Several of these incidents involved Chevrolet Traverse vehicles, with the most recent occurring in March 2023. General Motors responded by recalling nearly one million vehicles in May, including some Traverse models. Other vehicles, such as a 2002 Chrysler Town & Country, a 2004 Kia Optima, and a 2016 Audi A3 e-tron, have also been implicated in inflator ruptures during crashes. BMW initiated a recall for this issue in 2017, while Volkswagen followed suit in 2022.
According to NHTSA’s estimates, based on 2.6 million reported deployments of ARC inflators, the risk of ruptures during future crashes could be as high as 1 in 370,000, a troubling statistic that underscores the urgency of the recall. However, Steve Gold, vice president of product integrity for ARC, disputes these findings, characterizing the ruptures as isolated incidents and refuting any systemic defect. He argues that comparing ARC inflators to Takata inflators is misleading, as Takata’s issues were largely attributed to humidity and age, whereas ARC has only seven known defects in 23 years of production.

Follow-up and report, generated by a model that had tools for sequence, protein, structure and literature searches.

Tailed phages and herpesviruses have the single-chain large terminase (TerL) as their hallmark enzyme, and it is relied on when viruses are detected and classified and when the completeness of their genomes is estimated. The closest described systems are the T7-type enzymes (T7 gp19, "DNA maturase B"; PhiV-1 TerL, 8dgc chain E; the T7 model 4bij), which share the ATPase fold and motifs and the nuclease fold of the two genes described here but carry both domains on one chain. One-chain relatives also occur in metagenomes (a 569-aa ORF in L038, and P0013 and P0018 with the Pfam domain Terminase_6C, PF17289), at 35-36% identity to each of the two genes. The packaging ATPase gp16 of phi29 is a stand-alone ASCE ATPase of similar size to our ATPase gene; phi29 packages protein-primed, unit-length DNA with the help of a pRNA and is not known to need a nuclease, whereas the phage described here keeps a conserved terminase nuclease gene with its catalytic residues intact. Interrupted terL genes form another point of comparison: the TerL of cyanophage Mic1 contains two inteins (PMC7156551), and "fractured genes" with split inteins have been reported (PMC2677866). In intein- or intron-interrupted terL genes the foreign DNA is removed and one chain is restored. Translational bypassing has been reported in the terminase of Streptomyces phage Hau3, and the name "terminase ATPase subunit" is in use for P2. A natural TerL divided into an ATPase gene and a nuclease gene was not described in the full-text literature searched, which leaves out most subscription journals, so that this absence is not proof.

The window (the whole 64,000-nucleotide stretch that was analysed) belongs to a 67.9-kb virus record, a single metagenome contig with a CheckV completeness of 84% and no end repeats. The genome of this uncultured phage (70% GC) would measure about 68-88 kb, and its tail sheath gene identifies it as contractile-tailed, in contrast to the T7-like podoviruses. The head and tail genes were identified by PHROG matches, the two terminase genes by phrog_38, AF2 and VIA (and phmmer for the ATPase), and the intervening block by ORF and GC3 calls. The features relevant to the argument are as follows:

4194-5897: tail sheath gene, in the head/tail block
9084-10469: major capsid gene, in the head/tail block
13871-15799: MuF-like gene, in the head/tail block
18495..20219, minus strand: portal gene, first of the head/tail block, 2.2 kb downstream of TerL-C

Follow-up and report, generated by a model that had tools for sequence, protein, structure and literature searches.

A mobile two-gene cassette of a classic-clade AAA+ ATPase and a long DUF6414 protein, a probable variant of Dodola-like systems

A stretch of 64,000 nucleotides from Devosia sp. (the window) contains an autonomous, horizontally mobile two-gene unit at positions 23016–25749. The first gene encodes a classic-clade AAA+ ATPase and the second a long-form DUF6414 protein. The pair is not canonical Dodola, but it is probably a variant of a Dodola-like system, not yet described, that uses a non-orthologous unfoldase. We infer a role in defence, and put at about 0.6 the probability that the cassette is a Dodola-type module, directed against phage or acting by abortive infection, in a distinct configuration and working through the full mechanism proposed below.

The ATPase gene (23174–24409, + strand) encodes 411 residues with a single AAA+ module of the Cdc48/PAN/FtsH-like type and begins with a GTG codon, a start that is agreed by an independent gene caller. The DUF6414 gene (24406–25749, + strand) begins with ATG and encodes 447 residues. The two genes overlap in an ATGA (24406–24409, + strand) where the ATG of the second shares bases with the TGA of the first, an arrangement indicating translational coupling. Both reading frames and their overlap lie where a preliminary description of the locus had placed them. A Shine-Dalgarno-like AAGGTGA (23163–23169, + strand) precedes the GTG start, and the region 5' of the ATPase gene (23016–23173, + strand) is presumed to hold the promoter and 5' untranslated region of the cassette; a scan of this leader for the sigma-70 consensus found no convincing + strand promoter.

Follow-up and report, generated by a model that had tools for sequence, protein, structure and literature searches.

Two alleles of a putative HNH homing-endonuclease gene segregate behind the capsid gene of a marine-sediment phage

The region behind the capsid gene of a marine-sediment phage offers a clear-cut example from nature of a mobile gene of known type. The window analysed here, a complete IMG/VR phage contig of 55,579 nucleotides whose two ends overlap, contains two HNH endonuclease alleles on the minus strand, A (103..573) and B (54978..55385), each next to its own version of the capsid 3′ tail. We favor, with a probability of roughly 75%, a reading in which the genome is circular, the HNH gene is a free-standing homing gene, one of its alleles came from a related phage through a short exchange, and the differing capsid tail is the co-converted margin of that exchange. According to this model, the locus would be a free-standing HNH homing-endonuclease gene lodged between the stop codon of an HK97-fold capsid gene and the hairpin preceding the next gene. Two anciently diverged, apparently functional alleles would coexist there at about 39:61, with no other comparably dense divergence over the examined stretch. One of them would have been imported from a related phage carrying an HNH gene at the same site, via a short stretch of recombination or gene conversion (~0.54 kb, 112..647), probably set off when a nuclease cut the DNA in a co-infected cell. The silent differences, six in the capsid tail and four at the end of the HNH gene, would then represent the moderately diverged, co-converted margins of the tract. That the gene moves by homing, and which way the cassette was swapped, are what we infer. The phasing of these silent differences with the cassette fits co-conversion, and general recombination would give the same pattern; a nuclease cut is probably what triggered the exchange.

NHTSA attributes the alleged defects to a manufacturing problem where “excess weld slag” on the metal seam, resulting from the inflator’s assembly process, can obstruct gas flow to the airbag, leading to excessive pressure and eventual rupture. This dangerous outcome can propel metal fragments into the vehicle’s passenger compartment.
ARC received a standing order from NHTSA in 2016 to report manufacturing ruptures, and by 2018, they began using borescopes to detect excess weld slag or debris in their inflators. However, while ARC conducted tests in 2018 on over 900 inflators from salvage yards spanning 2001 through 2005 model-year vehicles, with no ruptures detected, automakers reported ruptures in 2021 and 2023. NHTSA’s calculation of 52 million inflators encompasses all those produced by ARC and Delphi before the implementation of borescope inspections.
Car Airbag Manufacturers and Automakers Notified
ARC contends that it is a Tier 2 supplier and not legally responsible for initiating recalls like automakers. However, NHTSA’s September initial decision letter asserts that ARC must comply with federal safety regulations and is not exempt from such recalls.